Tuesday, April 12, 2011

Delving into the 7th level of Unicode Hell (Ruby program)

When the three brothers defeated the Titans and had the whole cosmos to divide among themselves, it was the oldest ᾍδης who got the Underworld. A kingdom I seem to be quickly descending on my innocent trip to down Ruby programming. I set out to do a little program that would reverse text like ᾍδης particularly useful for Hebrew and Arabic. But then I found myself entering...

A Glance into the Unicode Underworld
Kairon ferried me across while I was sleeping, because suddenly my little program is facing a huge issue. Ruby doesn't fully support Unicode.  As I searched deeper into this Unicode world I found I was in bigger trouble than I originally thought. ANSI, the common encoding of Ruby, is 8-bit encoding. So I thought, well Unicode must be 16-bit encoding, more bits more letters -- problem solved! Just find a way to split off two 8-bit character chunks at a time and stack them on a new line and voilà! We have the text reversed. I even found a way of doing that. If you have a string you can call the character in it in order by feeding it a position number and how many characters you wanted. "string"[position_number, number_of_characters]  But alas...

Deeper into the Unicode Mists.
If you look at your browser you'll invariably see under the 'View' menu an encoding option for UTF-8. This is the most common encoding method for Unicode and has become the virtual default on the web. And this is the encoding I am using. And here is the rub. It's multi-character encoding. It can be one to three characters long, as my little test program shows. So I can't just grab 2-character chunks because that will invariably result in gibberish. The program needs to read each character and see if it is a one character encoding like Á or α (alpha) or a three character encoding like β (capital beta) or a two character encoding like γ (gamma). Because this affects the positions of subsequent characters, it needs to read the character figure out if it is part of the previous character and split it off that way, otherwise it can start splitting midway through a character. And I thought this was going to be easy-peasie-Japanesie.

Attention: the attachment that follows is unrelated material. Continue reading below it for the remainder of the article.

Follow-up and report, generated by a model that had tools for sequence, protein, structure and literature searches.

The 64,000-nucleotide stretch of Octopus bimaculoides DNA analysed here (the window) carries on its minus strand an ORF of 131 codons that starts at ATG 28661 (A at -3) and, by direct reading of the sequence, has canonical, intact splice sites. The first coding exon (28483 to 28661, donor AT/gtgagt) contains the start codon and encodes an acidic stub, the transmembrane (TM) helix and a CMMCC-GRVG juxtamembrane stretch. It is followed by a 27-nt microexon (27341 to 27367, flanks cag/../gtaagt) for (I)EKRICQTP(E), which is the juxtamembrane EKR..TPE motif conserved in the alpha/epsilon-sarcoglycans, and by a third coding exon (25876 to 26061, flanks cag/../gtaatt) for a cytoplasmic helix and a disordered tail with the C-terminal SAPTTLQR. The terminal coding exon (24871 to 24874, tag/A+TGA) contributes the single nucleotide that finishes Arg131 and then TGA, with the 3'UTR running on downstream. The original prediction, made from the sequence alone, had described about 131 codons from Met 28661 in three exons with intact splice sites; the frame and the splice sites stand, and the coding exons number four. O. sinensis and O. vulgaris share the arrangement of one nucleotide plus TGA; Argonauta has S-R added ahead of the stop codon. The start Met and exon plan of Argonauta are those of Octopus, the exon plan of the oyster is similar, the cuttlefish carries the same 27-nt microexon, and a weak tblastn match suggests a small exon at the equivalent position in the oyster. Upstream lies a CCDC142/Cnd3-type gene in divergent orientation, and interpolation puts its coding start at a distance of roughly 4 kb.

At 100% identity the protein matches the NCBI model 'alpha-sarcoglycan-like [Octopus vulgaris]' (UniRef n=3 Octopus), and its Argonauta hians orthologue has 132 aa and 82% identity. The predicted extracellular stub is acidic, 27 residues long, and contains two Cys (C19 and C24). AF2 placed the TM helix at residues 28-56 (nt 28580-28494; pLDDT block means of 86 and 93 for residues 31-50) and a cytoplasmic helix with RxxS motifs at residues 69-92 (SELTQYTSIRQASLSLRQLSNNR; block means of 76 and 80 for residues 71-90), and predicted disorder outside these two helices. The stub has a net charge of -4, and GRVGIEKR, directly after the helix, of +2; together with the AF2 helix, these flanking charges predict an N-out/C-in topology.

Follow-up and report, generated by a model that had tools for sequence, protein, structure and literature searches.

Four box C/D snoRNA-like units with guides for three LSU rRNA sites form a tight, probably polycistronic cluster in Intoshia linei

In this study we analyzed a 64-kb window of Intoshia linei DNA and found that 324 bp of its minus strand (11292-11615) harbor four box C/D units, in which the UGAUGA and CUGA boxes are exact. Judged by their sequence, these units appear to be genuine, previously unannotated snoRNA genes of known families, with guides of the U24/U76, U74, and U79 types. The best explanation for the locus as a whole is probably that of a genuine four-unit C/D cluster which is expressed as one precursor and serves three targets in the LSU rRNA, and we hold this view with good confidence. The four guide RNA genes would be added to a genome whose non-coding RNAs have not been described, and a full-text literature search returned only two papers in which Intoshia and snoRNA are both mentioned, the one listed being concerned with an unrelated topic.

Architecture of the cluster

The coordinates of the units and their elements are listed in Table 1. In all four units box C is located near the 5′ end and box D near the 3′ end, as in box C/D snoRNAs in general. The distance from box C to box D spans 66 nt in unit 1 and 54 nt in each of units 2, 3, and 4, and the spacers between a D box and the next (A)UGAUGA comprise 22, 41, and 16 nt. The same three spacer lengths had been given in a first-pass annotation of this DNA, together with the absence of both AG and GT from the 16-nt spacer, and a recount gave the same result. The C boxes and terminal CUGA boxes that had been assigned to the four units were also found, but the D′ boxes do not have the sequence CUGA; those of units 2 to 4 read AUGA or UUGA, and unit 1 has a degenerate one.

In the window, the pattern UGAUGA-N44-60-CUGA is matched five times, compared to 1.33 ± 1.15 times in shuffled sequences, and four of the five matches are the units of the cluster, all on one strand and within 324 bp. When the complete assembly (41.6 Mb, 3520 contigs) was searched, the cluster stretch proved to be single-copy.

Cheating Death?
Now my confusion stems in reality before UTF8 there was UCS2 which was exclusively a 2-character encoding. Unfortunately for me UCS2 was superceeded by UTF16 another variable character encoding. However, the initial UCS2 set is part of UTF16 so as long as my file is UTF16 encoded and contains no characters outside the UCS2 subset, I should be able to cheat by telling it to use two-byte character chunks to reverse. This is a little tricky because the program I was using to create the text samples, Notepad++ doesn't encode in UTF16.

Send a Hero
I went to ask for advice on this to LA's Ruby Group and I got a work around that solved this issue. Using scan, which turns a string into an array at predetermined "chop" points, I can use Unicode codes as the chop points. That way I go from a string to an array or list made up of elements, each of which is a single Unicode character. This worked only with UTF8 (not with UTF16) but it worked flawlessly allowing me to simply reverse the order of the array. At at least for now I can be free of the Chthonic world of Unicode.

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